In which neighbourhoods does EV-adoption lead to parking problems on a large scale? Or where and when will a grid reinforcement be needed? In a NKL project EVConsult, together with TU Eindhoven, is developing an extensive simulation model to answer these questions. The first version of this ‘ABCD model’ is called Sparkcity and has recently been presented by designer Peter Hogeveen at the symposium on Applied Research on Charging Infrastructure.
How does Sparkcity work?
In a nutshell? Based on local data and expected EV developments, Sparkcity simulates the buying, driving and loading behaviour of EV owners in a neighbourhood or city. This allows users to do their own studies on a variety of EV-related dynamics, among which:
- Adoption scenarios and the effect of policy measures;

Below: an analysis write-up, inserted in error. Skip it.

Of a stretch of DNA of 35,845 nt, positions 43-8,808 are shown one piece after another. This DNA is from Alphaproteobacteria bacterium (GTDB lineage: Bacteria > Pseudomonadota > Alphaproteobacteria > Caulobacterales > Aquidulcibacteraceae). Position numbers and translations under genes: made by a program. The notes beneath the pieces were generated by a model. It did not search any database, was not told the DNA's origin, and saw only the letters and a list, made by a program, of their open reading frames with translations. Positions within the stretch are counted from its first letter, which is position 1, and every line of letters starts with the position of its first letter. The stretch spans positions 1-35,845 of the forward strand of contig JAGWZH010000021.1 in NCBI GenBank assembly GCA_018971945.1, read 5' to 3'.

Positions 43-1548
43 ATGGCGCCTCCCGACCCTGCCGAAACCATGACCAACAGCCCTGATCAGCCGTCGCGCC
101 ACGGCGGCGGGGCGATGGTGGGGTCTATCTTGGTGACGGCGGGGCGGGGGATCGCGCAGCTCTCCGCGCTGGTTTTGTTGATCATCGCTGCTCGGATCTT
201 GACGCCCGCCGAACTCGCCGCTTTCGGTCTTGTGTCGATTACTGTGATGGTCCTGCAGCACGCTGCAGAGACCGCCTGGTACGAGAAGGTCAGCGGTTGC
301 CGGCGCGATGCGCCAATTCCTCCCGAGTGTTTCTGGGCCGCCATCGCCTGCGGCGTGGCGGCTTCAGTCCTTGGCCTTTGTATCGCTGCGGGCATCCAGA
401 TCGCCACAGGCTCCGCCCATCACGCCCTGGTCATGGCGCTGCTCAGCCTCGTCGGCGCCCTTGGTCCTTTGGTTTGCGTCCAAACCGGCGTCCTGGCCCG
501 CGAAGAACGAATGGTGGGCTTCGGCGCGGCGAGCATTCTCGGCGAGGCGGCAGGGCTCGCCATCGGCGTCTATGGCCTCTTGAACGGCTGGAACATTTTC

- Supply and demand of charging infrastructure;
- Impact on the electricity grid;
- The value of smart charging and V2G;
- Pressure on public space and parking places;
- Consequences of mobility changes, such as self-driving and share-EVs.
Municipalities use Sparkcity
The Sparkcity model is especially unique because it can load real neighbourhoods and cities (via shape files), including the local electricity grid and the existing charging network. The characteristics of a loaded neighbourhood are just as realistic as the available data and local knowledge. For example, municipalities or grid operators can use the model to study every desired neighbourhood.